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Learn by my mistakes ­ and triumph in the oral

Blind panic and verbal diarrhoea

are not the best techniques for getting through the MRCGP oral, writes Dr Prashini Naidoo

here are 16 candidates in the Long Room upstairs. A lady in a twin-set with pearls herds eight of us to one half of the room and the rest to the other side. I'm acutely aware of the small space between the propped up screens separating the candidates. After the introductions, the nightmare begins.

'What are the stages of burnout?' My mind goes blank. My heart starts to pound; my eyes dart nervously to the hardened faces of the examiners; the hum of the room fades, and I am aware of a silence that rolls like a giant wave from me towards 'Hatchet-face One' and 'Hatchet-face Two'.

A ray of inspiration strikes a terrified neuron, a connection is made; memory feeds to tongue and out pours a gush of verbal diarrhoea.

'Do you have any thoughts on patient safety?' I have lots of them, going off like a warehouse of Chinese firecrackers in the recesses of my brain. I have never spoken this fast in my life.

Out of the room we troop. We gather around at the water table to wet our lips and prepare for round two with different examiners: 'Baldie' and 'Twinkle-eyes'.

Feeling a bit more confident, I beam inanely. I have obviously watched too many Miss World contests and speeches of world peace stir in my bosom.

Suddenly Baldie pounces with: 'What do you do if your practice nurse is consistently late?' This has me stumped. I stumble about blindly.

My irritation at Baldie begins to rise. I want to reach across and brutally pluck the few wispy hairs carefully combed across his shiny pate. Surely this is a grossly unfair question. Surely his technique of asking is completely wrong.

Eventually we get to the point. 'What is your opinion of staff appraisals?' Alas, it is too late. I'm outraged by the injustice of it all. I could have waxed lyrical if he'd asked properly. I feel like crying.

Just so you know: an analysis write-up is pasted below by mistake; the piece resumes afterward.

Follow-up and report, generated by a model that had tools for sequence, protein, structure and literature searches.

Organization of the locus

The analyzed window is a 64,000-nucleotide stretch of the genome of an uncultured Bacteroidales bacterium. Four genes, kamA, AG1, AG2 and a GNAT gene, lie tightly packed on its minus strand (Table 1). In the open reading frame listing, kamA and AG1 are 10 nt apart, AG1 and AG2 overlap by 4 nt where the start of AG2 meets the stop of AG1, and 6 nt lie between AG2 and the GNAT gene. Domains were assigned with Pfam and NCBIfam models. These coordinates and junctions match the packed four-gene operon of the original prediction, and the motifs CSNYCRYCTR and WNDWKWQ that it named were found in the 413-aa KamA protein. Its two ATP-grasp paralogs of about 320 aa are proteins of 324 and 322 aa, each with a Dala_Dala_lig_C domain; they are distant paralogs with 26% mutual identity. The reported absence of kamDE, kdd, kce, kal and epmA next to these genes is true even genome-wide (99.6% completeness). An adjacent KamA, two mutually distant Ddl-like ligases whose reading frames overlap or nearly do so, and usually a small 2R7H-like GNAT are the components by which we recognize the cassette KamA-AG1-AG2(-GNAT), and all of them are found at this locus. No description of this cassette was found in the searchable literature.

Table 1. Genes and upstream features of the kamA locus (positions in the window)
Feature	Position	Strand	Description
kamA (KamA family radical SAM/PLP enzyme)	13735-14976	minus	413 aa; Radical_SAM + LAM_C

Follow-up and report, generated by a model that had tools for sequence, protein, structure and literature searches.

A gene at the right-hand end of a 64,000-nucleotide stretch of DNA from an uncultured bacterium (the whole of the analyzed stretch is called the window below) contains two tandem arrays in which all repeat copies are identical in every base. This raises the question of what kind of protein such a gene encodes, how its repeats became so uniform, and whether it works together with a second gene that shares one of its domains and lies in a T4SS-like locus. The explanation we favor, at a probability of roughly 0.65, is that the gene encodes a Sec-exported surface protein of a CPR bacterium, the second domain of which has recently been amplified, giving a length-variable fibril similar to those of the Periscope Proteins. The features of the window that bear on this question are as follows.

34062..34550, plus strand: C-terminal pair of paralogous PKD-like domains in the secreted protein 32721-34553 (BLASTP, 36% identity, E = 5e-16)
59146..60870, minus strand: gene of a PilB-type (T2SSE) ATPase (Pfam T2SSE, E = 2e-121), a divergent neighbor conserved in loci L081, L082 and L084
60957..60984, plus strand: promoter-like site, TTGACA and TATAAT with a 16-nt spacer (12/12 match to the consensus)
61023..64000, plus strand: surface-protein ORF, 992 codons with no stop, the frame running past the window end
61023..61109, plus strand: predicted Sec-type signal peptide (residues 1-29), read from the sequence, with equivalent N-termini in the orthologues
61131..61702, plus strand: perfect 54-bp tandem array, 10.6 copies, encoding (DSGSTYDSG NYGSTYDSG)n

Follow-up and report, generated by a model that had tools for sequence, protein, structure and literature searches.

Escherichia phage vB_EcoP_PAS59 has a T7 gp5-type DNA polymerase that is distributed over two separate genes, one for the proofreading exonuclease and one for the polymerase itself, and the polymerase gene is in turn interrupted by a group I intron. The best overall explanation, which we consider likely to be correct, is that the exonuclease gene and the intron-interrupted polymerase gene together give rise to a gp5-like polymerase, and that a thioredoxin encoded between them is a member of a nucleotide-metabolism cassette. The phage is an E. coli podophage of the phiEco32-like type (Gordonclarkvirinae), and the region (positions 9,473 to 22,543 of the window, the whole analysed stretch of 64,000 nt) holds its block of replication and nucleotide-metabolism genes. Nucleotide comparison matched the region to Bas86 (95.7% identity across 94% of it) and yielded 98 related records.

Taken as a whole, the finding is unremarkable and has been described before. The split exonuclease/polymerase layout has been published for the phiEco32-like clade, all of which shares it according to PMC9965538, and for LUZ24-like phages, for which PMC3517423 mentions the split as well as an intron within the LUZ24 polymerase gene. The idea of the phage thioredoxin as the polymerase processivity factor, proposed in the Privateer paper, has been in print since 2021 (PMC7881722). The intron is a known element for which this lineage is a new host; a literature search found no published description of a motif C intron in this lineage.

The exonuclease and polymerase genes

Eventually, the gong sounds. We are released into the cold, uncomforting air of Hyde Park.

What I learnt on reflection

My oral exam was a hideous experience, despite my exhaustive preparations. On reflection, there were many lessons to be learned from my mistakes. Here are a few.

 · The atmosphere in the common room can be a strain. If you arrive early, go for a walk or read a novel while you wait.

 · Most candidates take their exams upstairs on the first floor. The tables are surprisingly close together and when you first walk in, you are acutely aware of neighbouring candidates. It is important to concentrate really hard on listening to the first question and to shut out the background noise. If you don't

hear the first question, ask the examiner to repeat it. Most people settle down once the first question is out of the way. If you remain distracted, don't panic; take a few calming breaths and start again. It is better to lose a few minutes rather than destroy your composure for the rest of the exam.

 · The questions get harder and most people will be asked something for which they are not prepared. Go back to basic principles; look at the argument from all sides, and make a considered decision, as you would in real life. Not every question can be answered with quotations from the BMJ and reference to ethical principles.

 · There will be the occasional disgruntled, sharp-tongued examiner who will raise your hackles. It is dangerous to let your emotions take over. Give calm and considered answers and ignore the emotional baiting.

 · It is important to think rapidly about the theme the question is pursuing and to get the gist quickly. While it is important to pursue the ideas, concerns and expectations of the tardy practice nurse, it is equally important to show the examiners you have a working knowledge of management principles and employment law.

 · Preparation for the oral exam involves reading and practice; answering a few questions out loud in the company of colleagues is far less embarrassing than floundering in front of the examiners.

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